Women also show gender-specific symptoms when hormones are imbalanced, chief of which are irregular periods (before menopause). This symptom can be caused by both excessively high and low levels of estrogen. High levels can also lead to heavy bleeding, while low levels can yield little or no bleeding. Keep in mind estrogen is one of the main drivers in the menstrual cycle. This is why when levels are low, women may experience fertility issues.
Headaches also commonly occur with low estrogen levels. While one-third of the U.S. population suffers headaches, women are more susceptible than men. Symptoms can include:
- Duration of four to 72 hours
- Sensitivity to smell, sound, and light
- Pain on one side of the head
- Nausea and/or vomiting
- Spots or lines in vision (rare)
Women often notice changes to their skin when estrogen drops; namely, body skin develops more wrinkles and becomes dry. This can even cause itching that, if scratched, leads to more irritation. Estrogen helps stimulate oil glands to keep skin hydrated. After menopause, as estrogen levels drop, oil glands shrink and skin becomes more vulnerable to dehydration.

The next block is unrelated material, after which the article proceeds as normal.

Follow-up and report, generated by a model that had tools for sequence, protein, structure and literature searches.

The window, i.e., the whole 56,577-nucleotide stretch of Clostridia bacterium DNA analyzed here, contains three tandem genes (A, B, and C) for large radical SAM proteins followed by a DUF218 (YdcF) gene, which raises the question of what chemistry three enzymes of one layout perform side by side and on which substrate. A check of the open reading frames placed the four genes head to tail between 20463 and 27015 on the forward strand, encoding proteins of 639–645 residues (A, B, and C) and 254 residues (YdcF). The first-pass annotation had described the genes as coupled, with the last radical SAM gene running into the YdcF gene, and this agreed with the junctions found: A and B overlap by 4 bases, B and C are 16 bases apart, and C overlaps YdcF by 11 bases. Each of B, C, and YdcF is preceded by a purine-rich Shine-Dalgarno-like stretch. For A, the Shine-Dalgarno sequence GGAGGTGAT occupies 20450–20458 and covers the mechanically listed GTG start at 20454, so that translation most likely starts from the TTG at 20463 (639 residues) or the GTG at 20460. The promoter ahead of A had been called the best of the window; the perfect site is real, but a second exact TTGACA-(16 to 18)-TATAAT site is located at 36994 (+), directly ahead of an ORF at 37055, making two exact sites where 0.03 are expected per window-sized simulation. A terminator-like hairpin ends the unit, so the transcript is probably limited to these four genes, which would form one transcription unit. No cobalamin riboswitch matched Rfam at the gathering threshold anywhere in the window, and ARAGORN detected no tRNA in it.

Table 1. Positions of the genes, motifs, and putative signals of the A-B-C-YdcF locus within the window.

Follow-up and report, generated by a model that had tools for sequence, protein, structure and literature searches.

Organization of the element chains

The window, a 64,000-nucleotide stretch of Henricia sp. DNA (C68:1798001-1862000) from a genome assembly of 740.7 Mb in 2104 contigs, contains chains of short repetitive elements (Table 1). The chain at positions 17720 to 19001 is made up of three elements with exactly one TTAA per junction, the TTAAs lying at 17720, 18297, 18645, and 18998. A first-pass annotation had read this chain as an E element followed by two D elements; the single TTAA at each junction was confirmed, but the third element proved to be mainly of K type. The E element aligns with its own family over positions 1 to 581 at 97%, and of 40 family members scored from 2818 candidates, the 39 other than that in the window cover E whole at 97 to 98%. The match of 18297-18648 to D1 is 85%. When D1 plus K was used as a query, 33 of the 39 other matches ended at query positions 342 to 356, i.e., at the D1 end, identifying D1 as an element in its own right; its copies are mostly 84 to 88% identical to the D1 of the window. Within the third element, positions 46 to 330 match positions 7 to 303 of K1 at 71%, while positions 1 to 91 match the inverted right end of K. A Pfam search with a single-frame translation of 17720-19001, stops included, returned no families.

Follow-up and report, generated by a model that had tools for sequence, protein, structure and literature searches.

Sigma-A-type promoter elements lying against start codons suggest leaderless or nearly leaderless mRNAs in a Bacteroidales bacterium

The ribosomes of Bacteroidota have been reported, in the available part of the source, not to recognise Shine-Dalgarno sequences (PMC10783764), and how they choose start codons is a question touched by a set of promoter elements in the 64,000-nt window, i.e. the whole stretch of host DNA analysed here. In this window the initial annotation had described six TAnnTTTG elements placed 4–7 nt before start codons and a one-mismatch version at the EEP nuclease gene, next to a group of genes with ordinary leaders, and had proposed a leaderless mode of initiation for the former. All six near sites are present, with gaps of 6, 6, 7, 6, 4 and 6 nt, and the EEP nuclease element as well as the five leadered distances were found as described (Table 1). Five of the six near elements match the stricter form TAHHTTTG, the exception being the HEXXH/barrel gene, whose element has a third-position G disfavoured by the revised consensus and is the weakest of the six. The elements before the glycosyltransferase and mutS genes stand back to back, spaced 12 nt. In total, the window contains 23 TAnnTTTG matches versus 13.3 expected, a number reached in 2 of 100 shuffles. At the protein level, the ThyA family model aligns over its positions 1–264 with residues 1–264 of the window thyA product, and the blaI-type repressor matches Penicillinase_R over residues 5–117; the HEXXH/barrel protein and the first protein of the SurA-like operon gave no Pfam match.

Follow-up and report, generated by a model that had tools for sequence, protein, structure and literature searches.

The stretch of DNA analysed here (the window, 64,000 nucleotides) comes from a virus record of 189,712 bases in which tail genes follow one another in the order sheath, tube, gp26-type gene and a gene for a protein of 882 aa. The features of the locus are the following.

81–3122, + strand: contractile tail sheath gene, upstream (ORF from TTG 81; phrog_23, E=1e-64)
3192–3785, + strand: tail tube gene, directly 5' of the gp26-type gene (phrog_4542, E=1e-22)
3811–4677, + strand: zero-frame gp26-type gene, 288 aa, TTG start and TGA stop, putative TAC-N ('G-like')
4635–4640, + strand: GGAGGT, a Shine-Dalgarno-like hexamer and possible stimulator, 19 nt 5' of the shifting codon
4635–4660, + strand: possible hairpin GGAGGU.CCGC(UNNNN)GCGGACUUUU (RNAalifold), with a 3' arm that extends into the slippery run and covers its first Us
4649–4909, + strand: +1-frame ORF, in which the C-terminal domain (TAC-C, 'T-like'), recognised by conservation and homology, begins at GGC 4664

These symptoms can also target the face, leading to flakes and dry skin patches that sit on the surface and clog pores. You might have guessed where we’re going with this, and that is acne breakouts. These are more common in perimenopause than menopause when estrogen levels fall and androgens rise.
And Breakouts, Too
Androgens are steroid hormones that regulate male characteristics, including higher sebum production (men have naturally oilier skin than women). Women have them, too, but they’re kept in balance thanks to estrogen. A decline of the latter, however, makes it easy for a number of skin conditions to arise so that a woman even in her late 40s or early 50s may still experience pimples.
Issues with Temperature Regulation
Last but not least are issues controlling body temperature. To simplify this as it relates to hormone levels, it’s important to know estrogen regulates that part of the brain responsible for temperature. Low levels can cause an uncomfortable increase in temperature, giving way to those dreaded night sweats and hot flashes.
Finally Eliminate Your Symptoms
You don’t have to just “live with” symptoms that are believed to be part of the normal aging process. Instead, you can actively manage your health and opt for hormone therapy. Safe, targeted, and developed for your specific needs, this treatment can restore balance and help you once again enjoy life’s little pleasures. Schedule your consultation today by calling Renew Health in Tempe and Goodyear, AZ.